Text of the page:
Saturday, May 7, 2011



Where is home?  The venerable Thich Nhat Hanh teaches me that home is in the present moment.  Where am I?  Am I in the present moment or wandering about in my mind?  When I notice that I am wandering, how do I find my way back home?  While the noticing is key, there then comes that moment of choice.  Do I continue to allow whatever habit du jour is distracting me - usually my mind; though this can also be my emotions, or my physical cravings?  Or do I gently turn my attention back to the task at hand?

How do I turn my attention back to the present moment?  Throughout the day - my breath - is my most frequent ally in noticing where I am and bringing me back to the present moment.  This is very useful when my monkey mind has begun to race while I am playing, as I do not have to stop playing but can just find my breath.  In a sense I suppose this may take me a bit further out of the act of music making, but only until I can establish my connection once again. When I find my breath, the breath flows through the music.   Listening is another way I can bring myself back.  This sense should be an active part of making music, yet my mind can be such a powerful distractor that I am merely mechanically playing the notes, and not hearing what I am playing.  With my listening engaged the music comes alive, as do I.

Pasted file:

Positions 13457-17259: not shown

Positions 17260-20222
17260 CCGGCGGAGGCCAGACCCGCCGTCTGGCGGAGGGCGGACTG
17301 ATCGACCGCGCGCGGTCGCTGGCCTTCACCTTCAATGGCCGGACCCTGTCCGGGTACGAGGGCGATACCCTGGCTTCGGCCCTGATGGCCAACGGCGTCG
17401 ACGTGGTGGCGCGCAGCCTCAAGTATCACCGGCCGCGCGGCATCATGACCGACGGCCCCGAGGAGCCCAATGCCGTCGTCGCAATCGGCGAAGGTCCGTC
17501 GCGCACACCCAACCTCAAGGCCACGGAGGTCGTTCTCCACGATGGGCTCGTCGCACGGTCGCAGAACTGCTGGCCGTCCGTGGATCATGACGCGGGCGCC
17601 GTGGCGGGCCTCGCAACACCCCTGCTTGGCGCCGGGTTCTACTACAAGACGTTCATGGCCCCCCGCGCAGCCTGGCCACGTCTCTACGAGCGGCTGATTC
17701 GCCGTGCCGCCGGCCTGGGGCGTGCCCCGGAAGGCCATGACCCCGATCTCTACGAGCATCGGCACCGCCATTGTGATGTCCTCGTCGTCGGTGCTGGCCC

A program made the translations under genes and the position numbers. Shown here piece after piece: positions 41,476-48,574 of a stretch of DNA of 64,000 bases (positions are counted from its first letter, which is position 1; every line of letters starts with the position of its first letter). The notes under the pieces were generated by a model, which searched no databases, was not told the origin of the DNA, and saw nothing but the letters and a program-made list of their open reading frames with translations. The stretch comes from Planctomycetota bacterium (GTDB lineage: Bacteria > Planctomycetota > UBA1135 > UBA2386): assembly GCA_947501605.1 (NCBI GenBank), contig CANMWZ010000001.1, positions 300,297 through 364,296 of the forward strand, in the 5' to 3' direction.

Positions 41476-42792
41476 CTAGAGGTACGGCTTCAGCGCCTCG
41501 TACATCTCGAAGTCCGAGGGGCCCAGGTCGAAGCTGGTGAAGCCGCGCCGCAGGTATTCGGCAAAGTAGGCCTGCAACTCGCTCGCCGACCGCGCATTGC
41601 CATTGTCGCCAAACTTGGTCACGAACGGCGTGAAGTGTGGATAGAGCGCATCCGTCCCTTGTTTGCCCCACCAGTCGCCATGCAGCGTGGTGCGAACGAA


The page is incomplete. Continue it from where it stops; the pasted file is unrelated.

Connecting with myself through the Alexander Technique has also proven to be a powerful way to bring me back.  As I direct my use via AT, I am harmonizing my body & mind in a manner similar to meditation.  When I first met David Jernigan and he referred to AT as a mindfulness of the body practice, was when I really began embracing the technique. 

Frequently I intersperse any of these actions with my playing.  Noticing the body or the mind provides an opportunity to engage my consciousness with what I am doing.  From this notice I may make a choice to more fully enter into what I am doing, be it making music or washing dishes.  Present moment - only moment.

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